This post has been a long time coming. I’ve been looking at an easy way to create and control custom entities with Google assistant much like the way I can do with Alexa. We have both voice assistants in our household and well it was bugging me that I couldn’t incorporate my flows into Google home as readily as I could do with Amazon’s little box of tricks. For those of you who haven’t seen my post on how to set up custom entities under Alexa, you can read more here on how I effectively took a standard humidifier and made it smart here.
Now for those of you that want to get straight into it, in this tutorial, I’m going to show you how to create a custom entity, set it up in Google’s ecosystem, and then use our newly formed entity to toggle a switch that I have set up in home-assistant. I’ll try and make this as quick and straight forward as possible. In order to to this, we’re going to need to rely on a third party bridge that’s able to pass the data inbetween node-red and google’s servers. I’m perfectly comfortable with this. I’ve been doing it for a year without issue on the Alexa side. Clearly for some of you this might be a no go. In which case, you can create your own api and work with Google directly. More info on how to do that here.
Let’s get started:
- Create an account here.
- Then we need to link the account that we just set up to our Google Home account. This can be done by adding a device (plus icon top left hand side) > Have something already set up? > “Works with Google”
- You’re going to be presented with a list of manufacturers and services, scroll down until you find NR-GAB. Select this.
- You’ll be faced with the usual authentication. Login with the details you created in step 1 and hit authorise.
- Go to your node-red install and using the pallet manager search and install the following node: node-red-contrib-googlehome
- After a brief moment, you should be able to scroll down your list of installed nodes until you see the two new Google Assistant nodes we just installed.
- Drag out the google home node and double click it. We’ll need to configure it accordingly. Hit the edit icon on the side and again, add your login and password. The configuration is effectively complete. Now all that remains to be done is to create our custom entities.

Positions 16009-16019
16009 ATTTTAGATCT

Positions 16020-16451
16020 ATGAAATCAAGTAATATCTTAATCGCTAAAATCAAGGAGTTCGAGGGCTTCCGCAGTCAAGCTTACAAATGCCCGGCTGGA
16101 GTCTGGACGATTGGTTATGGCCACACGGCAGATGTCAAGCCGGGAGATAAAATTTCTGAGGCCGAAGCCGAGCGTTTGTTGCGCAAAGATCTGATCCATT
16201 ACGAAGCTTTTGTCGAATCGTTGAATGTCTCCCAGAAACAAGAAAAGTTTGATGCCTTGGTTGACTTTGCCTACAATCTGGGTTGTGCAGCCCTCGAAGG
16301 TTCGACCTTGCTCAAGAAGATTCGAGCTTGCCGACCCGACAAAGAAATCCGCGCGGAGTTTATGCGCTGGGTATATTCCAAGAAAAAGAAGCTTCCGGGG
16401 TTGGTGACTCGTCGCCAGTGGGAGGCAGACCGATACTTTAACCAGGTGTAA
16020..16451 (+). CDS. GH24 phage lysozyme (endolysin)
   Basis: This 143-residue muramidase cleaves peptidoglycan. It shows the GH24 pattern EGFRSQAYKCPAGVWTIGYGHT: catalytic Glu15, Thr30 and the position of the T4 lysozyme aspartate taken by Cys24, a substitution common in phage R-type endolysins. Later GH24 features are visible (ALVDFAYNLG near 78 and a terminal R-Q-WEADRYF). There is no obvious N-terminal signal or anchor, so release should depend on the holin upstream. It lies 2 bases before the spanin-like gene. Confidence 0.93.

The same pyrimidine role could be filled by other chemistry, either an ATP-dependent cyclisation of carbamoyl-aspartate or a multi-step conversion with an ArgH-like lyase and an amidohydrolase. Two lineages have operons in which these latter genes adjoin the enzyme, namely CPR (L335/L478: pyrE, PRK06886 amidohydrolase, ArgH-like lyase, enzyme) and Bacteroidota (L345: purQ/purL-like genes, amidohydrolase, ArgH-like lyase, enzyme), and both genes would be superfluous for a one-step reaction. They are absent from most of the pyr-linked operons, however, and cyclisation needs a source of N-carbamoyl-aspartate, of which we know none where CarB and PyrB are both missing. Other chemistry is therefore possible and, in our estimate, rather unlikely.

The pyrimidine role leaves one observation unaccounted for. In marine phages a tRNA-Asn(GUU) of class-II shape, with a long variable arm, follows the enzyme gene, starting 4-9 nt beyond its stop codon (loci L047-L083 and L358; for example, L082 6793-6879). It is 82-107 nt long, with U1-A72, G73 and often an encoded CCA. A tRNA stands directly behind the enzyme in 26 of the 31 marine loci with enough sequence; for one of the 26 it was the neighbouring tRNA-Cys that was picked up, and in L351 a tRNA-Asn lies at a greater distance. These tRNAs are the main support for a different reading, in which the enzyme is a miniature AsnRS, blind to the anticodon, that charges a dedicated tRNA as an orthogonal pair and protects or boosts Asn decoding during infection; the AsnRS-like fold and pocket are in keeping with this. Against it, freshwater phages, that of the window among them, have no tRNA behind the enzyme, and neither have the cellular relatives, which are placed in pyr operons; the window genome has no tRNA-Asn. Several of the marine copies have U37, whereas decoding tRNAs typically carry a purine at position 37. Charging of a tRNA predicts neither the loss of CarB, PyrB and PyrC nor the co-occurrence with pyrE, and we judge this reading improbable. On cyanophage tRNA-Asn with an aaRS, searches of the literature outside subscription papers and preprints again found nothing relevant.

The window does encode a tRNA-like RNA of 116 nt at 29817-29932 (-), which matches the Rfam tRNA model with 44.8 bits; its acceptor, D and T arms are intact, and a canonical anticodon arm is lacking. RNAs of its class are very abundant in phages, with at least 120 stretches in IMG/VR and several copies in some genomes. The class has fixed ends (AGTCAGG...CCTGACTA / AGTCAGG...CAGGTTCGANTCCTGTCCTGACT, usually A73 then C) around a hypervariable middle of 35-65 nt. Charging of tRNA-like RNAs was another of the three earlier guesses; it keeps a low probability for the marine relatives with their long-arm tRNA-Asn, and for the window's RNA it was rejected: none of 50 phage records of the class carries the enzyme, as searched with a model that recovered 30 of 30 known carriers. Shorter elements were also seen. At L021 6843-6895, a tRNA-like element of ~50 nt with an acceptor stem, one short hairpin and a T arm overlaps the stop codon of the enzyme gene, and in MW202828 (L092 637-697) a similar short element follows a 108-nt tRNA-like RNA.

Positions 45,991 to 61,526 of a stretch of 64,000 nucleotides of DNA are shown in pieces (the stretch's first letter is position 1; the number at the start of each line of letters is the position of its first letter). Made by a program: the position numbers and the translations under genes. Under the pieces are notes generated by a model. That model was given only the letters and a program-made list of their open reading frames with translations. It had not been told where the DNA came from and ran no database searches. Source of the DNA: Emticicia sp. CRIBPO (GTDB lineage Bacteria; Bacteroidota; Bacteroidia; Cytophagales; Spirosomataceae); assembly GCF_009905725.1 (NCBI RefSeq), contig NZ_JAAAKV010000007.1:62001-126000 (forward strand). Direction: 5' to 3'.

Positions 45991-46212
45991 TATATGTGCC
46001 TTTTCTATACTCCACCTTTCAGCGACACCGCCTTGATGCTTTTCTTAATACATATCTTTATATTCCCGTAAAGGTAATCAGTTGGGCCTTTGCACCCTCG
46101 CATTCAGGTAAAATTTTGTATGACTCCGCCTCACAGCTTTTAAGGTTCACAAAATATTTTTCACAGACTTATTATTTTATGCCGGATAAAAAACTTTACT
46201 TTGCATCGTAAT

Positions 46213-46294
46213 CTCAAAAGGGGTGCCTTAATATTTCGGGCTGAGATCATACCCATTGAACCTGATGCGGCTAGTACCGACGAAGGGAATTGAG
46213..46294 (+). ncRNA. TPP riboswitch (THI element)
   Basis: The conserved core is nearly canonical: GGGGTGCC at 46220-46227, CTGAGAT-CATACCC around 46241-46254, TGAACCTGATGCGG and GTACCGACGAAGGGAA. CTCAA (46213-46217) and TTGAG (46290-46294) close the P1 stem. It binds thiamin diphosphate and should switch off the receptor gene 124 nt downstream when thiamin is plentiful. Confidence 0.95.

- Navigate to this page and select Add Device.
- I’ve created a device here called tester. I’ve set it up to be a simple switch, as you can tell from the configuration.
- Next we need to go to google home and discover devices. After a short while your custom device should appear. Finish the set up in the app as necessary (room, group etc).
- Next go back to Node-red and double click again the google home node we dragged out earlier. Hit the little refresh icon on the right. There you should be able to now see your custom entity in the little drop down list. Select it.
In order to test that the connection was there I attached a debug node to the entity and then deployed. I clicked on and off in the app and was met with the following JSON, confirming that we were indeed connected and working. The first payload was me pressing on in the app, and the second was off. You can see only one parameter changes. On: true or false.
- Finally to finish my proof of concept, i connected a service call node and configured that to toggle my office lamp on and off as I needed. It works via the Google Home app as well as the voice assistant.
You’ve just created your own custom entity and you can now trigger whatever you want, whenever you want. As I mentioned before, I’ve been using such a bridge with Alexa with great results. It’s really improved my automation game.
I’ve just touched on the most basic functionality here. If you want to read further about the incoming JSON and what else you can expose to Google and for more advanced features you can read the documentation here.
I hope you found this useful! Check out my other posts for similar related content!
If you enjoyed this type of content and would be interested in sharing your own solutions, tips and tricks with like minded people perhaps you’d consider joining our facebook group. The aim of this group will hopefully be more show and tell rather than support, but that’s not to say we can’t lend a helping hand 🙂